A Q&A session with Dr. Peggy Regis Robinson, DAOM, LAc,
Why can’t I get pregnant? In our fast-paced modern age, issues of infertility are quickly becoming phenomena. More and more women are seeking medical and alternative health care assistance to conceive. The old saying “first comes love, then comes marriage, than comes a baby in a baby carriage” does not necessarily prove true for the modern family, because women are taking time to establish their careers and fulfill many life ambitions before they are ready to have their first child. And unfortunately, fertility becomes more complicated the longer we wait. The modern work culture adds another complication to the issue, as both women and men work long, hard, ambitious hours that eat away at their physical and emotional selves. As we come to accept that we are not working machines, we begin to seek ways to heal ourselves. Traditional Chinese Medicine (TCM) recognizes the complex living patterns we have woven and has established methods of healing that can bring us back to ourselves and reconnect us with our fertility
Q: How is infertility defined?
A: Modern medicine categorizes infertility as primary and secondary infertility. Primary infertility means conception has not occurred in at least one year, no contraceptive measures have been taken, and the male partner has normal reproductive functions. Secondary infertility refers to women who are already mothers, who do not use contraceptives and have not been able to conceive again in at least one year.
Q: How does TCM treat infertility?
A: The basis of all Chinese theory is Qi. The concept of Qi dates back to early Daoist philosophies that envision People, the Earth and the Universe as all connected by the same unifying force. When your Qi is not balanced in your body, disorder, illness or disease can set in. Restoring balance to your body ultimately stabilizes hormone levels and aids with blood flow to the reproductive organs. This re- instated balance will increase ovarian function in women and sperm production in men.
In TCM we believe that conception occurs when the Qi from both partners is combined, so both members of a couples should consider acupuncture treatments regardless of which one is experiencing a fertility imbalance. For the same reason, couples who are not experiencing any immediate infertility issues, but are preparing to conceive will also benefit from acupuncture treatments.
Q: How does TCM work in conjunction with IVF and other medical infertility procedures?
A: Western medicine excels at isolating and timing fertility. TCM excels at creating an overall hospitable environment for the fertilized ovum. This powerful combination statistically increases the potential for a healthy pregnancy by over 50%.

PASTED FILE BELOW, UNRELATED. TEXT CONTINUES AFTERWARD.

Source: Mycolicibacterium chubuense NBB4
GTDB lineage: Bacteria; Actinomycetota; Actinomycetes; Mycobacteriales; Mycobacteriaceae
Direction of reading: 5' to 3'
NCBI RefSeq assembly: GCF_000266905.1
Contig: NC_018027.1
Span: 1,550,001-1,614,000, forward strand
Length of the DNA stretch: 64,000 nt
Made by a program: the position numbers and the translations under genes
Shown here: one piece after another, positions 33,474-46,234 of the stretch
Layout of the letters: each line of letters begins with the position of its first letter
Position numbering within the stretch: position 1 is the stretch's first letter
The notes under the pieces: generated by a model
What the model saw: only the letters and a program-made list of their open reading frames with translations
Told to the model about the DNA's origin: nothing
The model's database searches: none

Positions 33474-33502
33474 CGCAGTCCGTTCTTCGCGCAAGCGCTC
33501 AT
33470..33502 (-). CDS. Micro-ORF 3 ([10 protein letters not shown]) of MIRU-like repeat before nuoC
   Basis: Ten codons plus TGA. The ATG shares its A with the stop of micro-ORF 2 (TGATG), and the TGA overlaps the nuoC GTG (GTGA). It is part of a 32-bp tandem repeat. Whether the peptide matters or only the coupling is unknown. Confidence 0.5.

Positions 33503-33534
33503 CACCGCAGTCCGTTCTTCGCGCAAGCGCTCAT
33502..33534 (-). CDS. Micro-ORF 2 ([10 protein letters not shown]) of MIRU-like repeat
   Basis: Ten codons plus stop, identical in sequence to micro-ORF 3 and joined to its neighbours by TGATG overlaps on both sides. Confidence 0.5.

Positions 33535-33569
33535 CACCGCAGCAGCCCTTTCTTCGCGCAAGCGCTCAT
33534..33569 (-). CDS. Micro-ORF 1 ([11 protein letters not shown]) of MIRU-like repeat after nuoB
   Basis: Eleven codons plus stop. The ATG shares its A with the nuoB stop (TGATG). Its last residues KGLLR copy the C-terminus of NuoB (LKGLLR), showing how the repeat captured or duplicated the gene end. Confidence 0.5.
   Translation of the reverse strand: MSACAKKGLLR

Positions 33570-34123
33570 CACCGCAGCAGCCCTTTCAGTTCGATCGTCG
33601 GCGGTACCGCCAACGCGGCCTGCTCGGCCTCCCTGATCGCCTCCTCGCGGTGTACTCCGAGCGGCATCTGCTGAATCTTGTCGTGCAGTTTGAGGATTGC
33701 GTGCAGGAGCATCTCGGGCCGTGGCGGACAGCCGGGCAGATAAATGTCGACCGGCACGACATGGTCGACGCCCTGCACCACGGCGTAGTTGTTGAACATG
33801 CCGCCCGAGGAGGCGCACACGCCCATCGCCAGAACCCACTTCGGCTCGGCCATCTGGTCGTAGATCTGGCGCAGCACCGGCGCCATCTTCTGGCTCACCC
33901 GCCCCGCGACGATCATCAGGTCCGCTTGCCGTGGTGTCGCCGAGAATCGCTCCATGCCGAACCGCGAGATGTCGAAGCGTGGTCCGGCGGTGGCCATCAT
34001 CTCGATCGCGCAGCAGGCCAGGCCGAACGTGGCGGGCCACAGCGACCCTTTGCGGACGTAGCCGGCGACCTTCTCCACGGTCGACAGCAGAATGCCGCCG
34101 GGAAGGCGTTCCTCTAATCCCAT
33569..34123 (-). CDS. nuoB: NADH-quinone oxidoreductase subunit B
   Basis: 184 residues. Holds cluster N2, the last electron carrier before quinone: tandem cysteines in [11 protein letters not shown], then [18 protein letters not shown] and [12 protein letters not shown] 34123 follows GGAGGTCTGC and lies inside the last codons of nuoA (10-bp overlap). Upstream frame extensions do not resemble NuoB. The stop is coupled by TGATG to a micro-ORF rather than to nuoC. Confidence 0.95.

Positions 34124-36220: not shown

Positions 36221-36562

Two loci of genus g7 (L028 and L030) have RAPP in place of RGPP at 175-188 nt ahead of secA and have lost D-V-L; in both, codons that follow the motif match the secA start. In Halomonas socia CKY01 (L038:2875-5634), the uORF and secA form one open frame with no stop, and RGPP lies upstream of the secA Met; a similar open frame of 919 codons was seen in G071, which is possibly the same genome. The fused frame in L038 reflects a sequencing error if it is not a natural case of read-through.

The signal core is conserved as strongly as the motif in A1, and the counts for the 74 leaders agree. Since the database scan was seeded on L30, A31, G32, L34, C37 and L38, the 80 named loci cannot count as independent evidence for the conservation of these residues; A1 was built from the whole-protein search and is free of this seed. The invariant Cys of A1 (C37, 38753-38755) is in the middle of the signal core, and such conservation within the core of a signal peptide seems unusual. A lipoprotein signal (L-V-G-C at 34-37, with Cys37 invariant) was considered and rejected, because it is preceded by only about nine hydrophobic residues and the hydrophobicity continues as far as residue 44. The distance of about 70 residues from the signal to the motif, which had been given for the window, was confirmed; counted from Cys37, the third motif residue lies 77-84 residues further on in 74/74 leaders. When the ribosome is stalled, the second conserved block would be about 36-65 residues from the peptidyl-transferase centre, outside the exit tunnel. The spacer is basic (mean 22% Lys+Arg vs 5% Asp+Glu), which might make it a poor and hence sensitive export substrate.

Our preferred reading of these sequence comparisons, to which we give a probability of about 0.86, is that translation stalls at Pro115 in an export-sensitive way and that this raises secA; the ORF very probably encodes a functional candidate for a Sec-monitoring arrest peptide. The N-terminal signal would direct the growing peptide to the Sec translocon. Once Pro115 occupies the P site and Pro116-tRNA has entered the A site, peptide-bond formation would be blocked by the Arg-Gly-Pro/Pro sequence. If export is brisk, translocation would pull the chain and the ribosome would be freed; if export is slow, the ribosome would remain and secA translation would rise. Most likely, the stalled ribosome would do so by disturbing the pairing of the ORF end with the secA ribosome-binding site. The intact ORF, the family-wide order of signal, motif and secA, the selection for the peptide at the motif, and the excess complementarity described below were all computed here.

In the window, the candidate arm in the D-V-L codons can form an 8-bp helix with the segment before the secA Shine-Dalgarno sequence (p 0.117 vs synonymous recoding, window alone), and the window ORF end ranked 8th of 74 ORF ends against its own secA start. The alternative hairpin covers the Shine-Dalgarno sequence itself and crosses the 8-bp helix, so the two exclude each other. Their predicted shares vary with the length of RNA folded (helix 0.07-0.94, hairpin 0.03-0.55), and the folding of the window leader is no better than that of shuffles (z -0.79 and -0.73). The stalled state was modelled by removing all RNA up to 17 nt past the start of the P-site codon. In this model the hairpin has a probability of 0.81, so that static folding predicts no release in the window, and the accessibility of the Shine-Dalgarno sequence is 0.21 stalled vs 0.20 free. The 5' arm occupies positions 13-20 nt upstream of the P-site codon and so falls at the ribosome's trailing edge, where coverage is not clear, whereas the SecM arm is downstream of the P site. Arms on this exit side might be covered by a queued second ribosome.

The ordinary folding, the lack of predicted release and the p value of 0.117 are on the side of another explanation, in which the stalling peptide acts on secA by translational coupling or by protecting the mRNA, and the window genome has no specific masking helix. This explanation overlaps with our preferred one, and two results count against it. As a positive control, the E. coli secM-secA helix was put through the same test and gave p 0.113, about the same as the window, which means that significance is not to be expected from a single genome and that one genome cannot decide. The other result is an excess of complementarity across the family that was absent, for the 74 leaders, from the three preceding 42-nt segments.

Q: What will my treatment be like?
A: On your first visit, we will begin with a thorough review of your present and past medical history. We use this information, along with insights gained by observing your tongue and taking your pulses, to learn what is going on in your body. In TCM, we understand that the imbalances in each person’s body are unique to that individual. By looking at all these details we can develop a pattern diagnosis that is specific to you. We then use acupuncture needles to access your Qi at specific points on your body. And the treatment does not stop there. Because TCM treats you as a whole person, we may also recommend herbal formulas, diet alterations, and meditative/breathing arts like yoga, tai chi or qi gong to further promote your well being and assist in achieving your fertility.
Q: How many treatments will I need?
A: Acupuncture is not a one-time procedure;
you will need to see your acupuncturist once or twice a week for a series of weeks or even months depending upon your unique pattern of imbalances. A series of 12 treatments or more is normal.
Q: How should I choose a TCM practitioner?
A: It is important to find a practitioner who is right for you. This is a very personal choice. Request a consultation and meet with the practitioner before making your final decision.
Keep in mind that creating your treatment plan is an extremely personalized process. There are many emotional as well as physiological factors to consider.
Dr. Peggy Regis Robinson is a holistic health care provider with nearly two decades of clinical experience. She uses her expertise in ethnobotany, herbal medicine and acupuncture to heal, educate and empower patients in the greater New York City area and around the world. If you wish to know more you can visit her website at
www.peggyregisrobinson.com. and/or follow her on Instagram @peggy_rrobinson